Revision anterior cruciate ligament reconstruction using a 2-stage technique with bone grafting of the tibial tunnel.
Thomas NP., Kankate R., Wandless F., Pandit H.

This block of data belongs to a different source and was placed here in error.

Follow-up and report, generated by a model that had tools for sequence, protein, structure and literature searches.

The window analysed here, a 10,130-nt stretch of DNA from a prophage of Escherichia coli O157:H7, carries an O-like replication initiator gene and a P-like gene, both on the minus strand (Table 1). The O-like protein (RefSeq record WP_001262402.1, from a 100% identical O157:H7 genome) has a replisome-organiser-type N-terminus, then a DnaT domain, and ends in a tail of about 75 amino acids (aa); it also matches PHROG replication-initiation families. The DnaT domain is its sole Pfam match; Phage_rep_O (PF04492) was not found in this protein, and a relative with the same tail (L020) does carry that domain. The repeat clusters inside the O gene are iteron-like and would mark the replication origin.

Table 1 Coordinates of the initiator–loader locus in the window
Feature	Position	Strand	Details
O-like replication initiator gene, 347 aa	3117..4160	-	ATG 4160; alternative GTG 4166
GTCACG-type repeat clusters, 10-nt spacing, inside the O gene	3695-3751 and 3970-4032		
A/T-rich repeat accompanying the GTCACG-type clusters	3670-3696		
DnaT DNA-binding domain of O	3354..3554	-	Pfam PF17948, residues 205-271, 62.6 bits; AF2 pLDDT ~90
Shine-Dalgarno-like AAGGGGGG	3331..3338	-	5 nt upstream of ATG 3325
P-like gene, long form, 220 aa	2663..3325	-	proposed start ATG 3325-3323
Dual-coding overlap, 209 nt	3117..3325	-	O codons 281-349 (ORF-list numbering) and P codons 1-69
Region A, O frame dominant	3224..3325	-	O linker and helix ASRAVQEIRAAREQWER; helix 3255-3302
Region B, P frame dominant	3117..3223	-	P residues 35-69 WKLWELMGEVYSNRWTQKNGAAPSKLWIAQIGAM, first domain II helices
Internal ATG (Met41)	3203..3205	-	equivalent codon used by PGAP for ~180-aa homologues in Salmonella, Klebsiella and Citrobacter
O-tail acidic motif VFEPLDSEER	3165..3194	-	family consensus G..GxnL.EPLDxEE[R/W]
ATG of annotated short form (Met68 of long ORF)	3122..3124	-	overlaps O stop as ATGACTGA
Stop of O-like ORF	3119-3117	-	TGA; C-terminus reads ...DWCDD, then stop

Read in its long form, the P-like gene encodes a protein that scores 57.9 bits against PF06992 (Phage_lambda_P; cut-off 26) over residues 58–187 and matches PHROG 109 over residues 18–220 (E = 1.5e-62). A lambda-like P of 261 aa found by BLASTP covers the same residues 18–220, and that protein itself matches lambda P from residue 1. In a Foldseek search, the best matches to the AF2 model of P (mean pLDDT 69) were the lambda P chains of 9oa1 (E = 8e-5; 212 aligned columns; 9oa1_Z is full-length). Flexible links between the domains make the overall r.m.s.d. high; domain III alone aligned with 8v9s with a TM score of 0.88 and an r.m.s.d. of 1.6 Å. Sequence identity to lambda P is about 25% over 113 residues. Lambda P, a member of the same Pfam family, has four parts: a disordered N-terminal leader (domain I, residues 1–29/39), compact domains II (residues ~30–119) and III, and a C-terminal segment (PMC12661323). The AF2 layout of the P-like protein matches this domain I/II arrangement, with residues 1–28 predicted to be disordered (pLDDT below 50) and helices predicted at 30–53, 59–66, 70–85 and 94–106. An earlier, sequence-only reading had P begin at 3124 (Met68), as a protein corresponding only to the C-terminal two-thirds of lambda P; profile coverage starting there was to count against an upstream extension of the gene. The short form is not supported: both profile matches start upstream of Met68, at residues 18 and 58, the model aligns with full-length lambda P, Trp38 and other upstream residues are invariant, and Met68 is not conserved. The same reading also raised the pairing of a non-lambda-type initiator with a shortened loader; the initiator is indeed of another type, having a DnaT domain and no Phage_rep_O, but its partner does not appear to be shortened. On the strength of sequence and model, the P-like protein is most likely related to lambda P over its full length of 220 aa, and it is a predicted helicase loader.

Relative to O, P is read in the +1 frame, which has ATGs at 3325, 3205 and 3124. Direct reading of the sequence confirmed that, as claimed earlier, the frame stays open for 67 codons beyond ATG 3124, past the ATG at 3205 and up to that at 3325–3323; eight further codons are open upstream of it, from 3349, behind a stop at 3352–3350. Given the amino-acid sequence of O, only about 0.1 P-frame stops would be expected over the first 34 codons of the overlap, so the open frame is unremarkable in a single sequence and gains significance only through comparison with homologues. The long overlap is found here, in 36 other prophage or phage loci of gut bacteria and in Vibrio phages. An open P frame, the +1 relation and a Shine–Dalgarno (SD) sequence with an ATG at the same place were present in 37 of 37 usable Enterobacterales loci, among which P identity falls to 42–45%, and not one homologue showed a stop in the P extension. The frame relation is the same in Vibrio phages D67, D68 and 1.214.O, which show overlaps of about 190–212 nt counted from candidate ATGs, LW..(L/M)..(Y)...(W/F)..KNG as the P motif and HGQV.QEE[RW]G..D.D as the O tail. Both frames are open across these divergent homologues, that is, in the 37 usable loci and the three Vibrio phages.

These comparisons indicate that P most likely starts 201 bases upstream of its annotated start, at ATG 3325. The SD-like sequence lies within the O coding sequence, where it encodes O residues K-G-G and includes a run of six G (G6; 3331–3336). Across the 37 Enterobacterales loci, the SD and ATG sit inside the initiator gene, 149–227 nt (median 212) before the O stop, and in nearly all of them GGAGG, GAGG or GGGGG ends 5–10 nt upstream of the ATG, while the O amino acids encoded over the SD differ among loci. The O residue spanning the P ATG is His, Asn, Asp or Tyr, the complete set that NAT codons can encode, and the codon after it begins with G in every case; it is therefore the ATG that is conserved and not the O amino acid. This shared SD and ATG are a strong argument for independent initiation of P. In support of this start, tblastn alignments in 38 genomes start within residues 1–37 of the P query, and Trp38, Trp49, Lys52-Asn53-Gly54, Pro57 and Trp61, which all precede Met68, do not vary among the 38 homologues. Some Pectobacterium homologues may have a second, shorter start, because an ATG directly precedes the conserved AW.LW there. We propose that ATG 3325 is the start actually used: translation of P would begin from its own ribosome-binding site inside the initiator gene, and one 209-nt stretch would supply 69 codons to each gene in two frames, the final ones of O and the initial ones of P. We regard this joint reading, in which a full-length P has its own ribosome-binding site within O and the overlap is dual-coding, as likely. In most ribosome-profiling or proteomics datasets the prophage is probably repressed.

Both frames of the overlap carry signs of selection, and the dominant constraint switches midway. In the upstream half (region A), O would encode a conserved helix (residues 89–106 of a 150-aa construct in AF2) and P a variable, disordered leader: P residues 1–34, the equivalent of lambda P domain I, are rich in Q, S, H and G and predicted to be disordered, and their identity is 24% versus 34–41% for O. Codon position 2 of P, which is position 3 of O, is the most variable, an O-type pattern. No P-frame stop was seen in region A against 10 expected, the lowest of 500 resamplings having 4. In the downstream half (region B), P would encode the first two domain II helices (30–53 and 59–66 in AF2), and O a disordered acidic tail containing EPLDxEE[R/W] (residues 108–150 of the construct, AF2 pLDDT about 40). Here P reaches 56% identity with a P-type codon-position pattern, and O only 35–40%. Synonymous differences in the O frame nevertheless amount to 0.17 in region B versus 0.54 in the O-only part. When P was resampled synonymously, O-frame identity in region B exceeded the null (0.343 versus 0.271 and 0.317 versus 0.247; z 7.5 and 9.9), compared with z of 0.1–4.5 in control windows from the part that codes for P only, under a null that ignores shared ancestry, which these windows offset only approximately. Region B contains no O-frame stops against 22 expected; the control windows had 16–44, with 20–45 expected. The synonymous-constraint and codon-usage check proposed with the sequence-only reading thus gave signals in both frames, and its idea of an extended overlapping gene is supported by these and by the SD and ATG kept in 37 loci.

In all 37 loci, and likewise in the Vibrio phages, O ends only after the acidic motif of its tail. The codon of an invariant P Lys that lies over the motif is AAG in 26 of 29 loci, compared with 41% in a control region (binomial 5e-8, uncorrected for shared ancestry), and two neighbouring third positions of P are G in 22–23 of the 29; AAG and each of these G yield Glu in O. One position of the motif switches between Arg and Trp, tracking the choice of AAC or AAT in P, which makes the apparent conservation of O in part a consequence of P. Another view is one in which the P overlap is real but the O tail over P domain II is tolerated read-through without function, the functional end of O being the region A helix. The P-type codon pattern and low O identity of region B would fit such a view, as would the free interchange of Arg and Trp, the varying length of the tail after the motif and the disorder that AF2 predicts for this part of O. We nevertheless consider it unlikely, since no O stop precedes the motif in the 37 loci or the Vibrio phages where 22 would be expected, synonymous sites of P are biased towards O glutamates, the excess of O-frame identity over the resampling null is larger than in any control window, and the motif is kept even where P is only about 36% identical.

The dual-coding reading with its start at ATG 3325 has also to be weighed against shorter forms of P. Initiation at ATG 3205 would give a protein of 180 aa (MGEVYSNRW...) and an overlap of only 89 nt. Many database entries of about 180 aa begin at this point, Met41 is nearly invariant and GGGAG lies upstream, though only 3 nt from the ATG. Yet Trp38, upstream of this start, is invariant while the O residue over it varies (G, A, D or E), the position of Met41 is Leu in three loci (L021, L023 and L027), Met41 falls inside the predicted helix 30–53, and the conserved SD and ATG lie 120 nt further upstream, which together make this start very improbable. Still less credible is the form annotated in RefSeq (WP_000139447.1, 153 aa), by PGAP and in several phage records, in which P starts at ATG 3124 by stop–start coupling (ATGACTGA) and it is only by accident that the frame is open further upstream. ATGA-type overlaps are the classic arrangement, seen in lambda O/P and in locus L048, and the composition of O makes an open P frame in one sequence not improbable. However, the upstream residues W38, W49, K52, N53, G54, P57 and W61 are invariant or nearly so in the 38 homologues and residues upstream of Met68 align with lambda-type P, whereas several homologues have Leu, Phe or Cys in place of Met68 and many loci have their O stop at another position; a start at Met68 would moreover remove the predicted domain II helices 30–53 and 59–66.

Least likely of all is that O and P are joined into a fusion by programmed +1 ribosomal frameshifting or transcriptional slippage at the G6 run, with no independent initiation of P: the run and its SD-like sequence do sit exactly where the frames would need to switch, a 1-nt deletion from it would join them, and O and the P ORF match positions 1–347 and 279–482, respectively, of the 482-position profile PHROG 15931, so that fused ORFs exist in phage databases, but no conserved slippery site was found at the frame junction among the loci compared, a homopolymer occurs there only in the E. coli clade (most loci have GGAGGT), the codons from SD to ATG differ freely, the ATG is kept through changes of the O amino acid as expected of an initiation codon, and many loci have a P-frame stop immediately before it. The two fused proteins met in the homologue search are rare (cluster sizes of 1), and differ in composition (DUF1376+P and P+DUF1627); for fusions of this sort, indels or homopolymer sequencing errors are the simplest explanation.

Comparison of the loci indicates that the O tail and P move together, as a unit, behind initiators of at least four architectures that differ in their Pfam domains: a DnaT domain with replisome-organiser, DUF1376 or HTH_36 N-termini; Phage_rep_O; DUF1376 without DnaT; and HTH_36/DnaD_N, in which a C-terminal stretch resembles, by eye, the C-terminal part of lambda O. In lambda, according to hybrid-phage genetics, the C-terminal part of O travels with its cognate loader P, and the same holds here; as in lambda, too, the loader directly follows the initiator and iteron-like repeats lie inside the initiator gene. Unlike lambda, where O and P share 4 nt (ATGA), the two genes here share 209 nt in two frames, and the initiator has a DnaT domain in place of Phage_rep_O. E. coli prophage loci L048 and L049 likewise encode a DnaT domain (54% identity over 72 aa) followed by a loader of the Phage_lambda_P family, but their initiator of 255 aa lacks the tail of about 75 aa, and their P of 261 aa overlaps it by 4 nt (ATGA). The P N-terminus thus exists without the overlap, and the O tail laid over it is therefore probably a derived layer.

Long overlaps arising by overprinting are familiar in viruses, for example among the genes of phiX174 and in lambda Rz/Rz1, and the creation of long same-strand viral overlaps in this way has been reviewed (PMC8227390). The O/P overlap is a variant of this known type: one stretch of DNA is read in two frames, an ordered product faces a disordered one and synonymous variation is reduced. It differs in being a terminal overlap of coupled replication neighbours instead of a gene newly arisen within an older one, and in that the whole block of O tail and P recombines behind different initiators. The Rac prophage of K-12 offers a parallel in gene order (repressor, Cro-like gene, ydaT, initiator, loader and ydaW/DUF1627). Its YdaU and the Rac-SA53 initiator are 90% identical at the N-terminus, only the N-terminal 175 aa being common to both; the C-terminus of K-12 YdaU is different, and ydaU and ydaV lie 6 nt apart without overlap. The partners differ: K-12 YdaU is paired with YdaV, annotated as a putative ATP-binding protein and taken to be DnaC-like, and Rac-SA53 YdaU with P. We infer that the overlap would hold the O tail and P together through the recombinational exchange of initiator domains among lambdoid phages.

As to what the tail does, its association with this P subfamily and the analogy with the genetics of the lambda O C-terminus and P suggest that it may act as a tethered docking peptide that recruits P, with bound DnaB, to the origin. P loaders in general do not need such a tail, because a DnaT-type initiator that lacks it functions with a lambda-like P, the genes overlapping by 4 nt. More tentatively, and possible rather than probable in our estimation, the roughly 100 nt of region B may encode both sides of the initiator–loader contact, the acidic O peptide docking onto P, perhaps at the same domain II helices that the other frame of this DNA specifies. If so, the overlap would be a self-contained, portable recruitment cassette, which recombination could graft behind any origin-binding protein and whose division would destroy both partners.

BACKGROUND: Revision anterior cruciate ligament surgery is often considered a salvage procedure with limited goals. However, this limitation need not be the case. Similar to primary reconstruction, the goal should be to choose an appropriate graft and place it in an anatomical position in a good quality bone. The issue of good quality bone seems to have been ignored. HYPOTHESIS: A 2-stage anterior cruciate ligament revision reconstruction with bone grafting of the tibial tunnel and the use of a different femoral tunnel will produce measured knee laxity and International Knee Documentation Committee scores similar to a primary anterior cruciate ligament reconstruction. STUDY DESIGN: Case control study; Level of evidence, 3. METHODS: This prospective study involved 49 consecutive 2-stage anterior cruciate ligament revisions (group R) performed by a single surgeon from 1993 to 2000. Two-stage revision surgery was performed if the tibial tunnel from a previous reconstruction surgery would overlap (either partially or fully) the correctly placed revision tunnel. The first stage consisted of removal of the old graft and interfering metalwork, together with bone grafting of the tibial tunnel. After ensuring adequate bone graft incorporation using computed tomography scan, the second stage revision was undertaken. This stage comprised harvesting the autograft, its anatomical placement, and its adequate fixation. The results were compared with the results of a matched group of patients with primary anterior cruciate ligament reconstruction (group P). RESULTS: In group R, as meniscal and chondral lesions were more common, the International Knee Documentation Committee scores were lower than those of group P (61.2 for group R and 72.8 for group P; P = .006). Objective laxity measurement was similar in both groups (1.36 mm for group R and 1.2 mm for group P; P = .25). CONCLUSION: This study establishes that the laxity measurements achieved with a 2-stage revision anterior cruciate ligament reconstruction can be similar to those achieved after primary anterior cruciate ligament reconstruction, although the International Knee Documentation Committee rating is lower.